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Transgender Protections? Several Counties Consider Making Discrimination Illegal

Advocates for such laws have said transgendered individuals are the remaining group still without discrimination protection.

A debate that has been sweeping across some counties in Maryland is whether transgendered people should receive protections against discrimination.

Howard County passed a law in December that makes it illegal to discriminate against transgendered people in regard to housing, employment and accommodations. Montgomery County adopted a similar measure. Baltimore County became the latest, passing such a measure Tuesday night in a split vote.

Advocates for such laws have said transgendered individuals constitute the remaining group still without discrimination protection. Opponents include the small group who protested Monday outside the Catonsville office of Baltimore Councilman Tom Quirk, sponsor of the recent transgender proposal. Those foes said they are concerned about portions of the bill that deal with transgendered people using public restrooms.

Some protestors said the safety of women and children could be compromised in public restrooms by a predator posing as a transgendered person.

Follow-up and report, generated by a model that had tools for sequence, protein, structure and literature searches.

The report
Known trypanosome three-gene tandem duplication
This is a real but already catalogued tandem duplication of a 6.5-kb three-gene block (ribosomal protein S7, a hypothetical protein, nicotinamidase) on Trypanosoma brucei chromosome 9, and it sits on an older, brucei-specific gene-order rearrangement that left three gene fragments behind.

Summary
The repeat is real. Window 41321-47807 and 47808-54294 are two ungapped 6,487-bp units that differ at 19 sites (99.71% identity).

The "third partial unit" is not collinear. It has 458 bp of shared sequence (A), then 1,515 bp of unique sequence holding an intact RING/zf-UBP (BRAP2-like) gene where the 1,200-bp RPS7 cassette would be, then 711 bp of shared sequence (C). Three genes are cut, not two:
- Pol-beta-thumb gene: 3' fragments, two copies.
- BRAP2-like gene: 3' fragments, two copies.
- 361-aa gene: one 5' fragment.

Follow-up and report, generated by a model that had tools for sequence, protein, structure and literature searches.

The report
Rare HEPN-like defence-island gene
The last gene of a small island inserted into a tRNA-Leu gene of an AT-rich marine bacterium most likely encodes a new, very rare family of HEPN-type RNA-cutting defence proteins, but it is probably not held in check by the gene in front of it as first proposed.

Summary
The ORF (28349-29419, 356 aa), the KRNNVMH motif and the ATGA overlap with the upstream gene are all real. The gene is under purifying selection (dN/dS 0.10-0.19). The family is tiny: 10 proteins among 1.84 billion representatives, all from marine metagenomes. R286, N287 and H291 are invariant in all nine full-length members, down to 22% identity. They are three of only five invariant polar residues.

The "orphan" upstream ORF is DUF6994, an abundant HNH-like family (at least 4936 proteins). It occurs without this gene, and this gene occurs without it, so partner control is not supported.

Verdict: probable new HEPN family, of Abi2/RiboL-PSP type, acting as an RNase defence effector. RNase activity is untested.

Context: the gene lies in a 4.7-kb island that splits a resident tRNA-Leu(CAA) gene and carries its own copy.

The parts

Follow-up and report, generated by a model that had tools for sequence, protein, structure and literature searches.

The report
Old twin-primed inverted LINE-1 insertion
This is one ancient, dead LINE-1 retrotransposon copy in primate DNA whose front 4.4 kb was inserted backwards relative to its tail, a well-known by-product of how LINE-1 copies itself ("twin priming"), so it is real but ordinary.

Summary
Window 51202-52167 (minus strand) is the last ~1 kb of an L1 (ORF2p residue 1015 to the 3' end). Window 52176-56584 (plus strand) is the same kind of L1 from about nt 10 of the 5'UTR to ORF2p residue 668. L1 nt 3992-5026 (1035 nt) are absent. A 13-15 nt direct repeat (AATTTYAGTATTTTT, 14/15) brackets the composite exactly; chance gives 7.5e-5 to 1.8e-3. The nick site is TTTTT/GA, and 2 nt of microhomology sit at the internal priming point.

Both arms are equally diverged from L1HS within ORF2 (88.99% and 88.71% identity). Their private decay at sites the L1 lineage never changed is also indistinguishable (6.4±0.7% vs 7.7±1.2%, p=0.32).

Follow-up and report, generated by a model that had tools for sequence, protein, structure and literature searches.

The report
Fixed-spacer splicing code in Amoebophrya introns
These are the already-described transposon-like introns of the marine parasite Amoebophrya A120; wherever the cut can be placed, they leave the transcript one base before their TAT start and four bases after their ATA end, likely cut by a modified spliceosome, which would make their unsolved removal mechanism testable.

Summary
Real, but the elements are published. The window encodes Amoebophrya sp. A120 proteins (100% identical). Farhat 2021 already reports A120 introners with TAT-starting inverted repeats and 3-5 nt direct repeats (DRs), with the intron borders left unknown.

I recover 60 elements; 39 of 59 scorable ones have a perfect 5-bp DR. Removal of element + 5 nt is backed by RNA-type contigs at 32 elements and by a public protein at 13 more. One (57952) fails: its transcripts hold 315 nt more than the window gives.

Montgomery County Executive Ike Leggett said in a letter to the Baltimore County Council that his county has had no criminal issues as a result of passage of a similar bill in his county. 

Quirk called the protesters' concerns about safety “fear mongering and nonsense.”

Howard County’s Office of Human Rights has not heard any complaints regarding gender identity discrimination or improper bathroom incidents since passage of the bill there in December, said Administrator C. Vernon Gray. Howard County police officials also said they are also not aware of any incidents connected to the recently passed law.

On Catonsville Patch, opinions among users were divided on whether such a law was a good thing for Baltimore County.

“The college I attended (in another state) had the same policy on restroom use for transgendered people and there was never any problem. I always felt completely safe using the facilities, even when my child accompanied me on campus. Kudos to Mr. Quirk for introducing forward-thinking legislation!” wrote  Pattie Gerlach Archuleta

One user said the law could openthe doors for rapists, child molesters and peeping toms into the bathrooms."

Another user said that definitions are unclear about who is a transgender. “It's such a vague classification,” wrote Gina. “There isn't really a way to ‘prove’ anyone is transgender, it's basically however that person feels about themselves.”

MG42 February 22, 2012 at 05:14 PM
To paint a fair picture I don't think Howard County's Office of Human Rights heard any complaints about gender identity discrimination prior to the law's passage, either. If, for example, a landlord doesn't want to rent his apartment to a trangendered person wouldn't the best approach for the transgendered person be to take their money elsewhere? Why reward the bigot by renting his apartment? Not all problems need to be solved with legislation.

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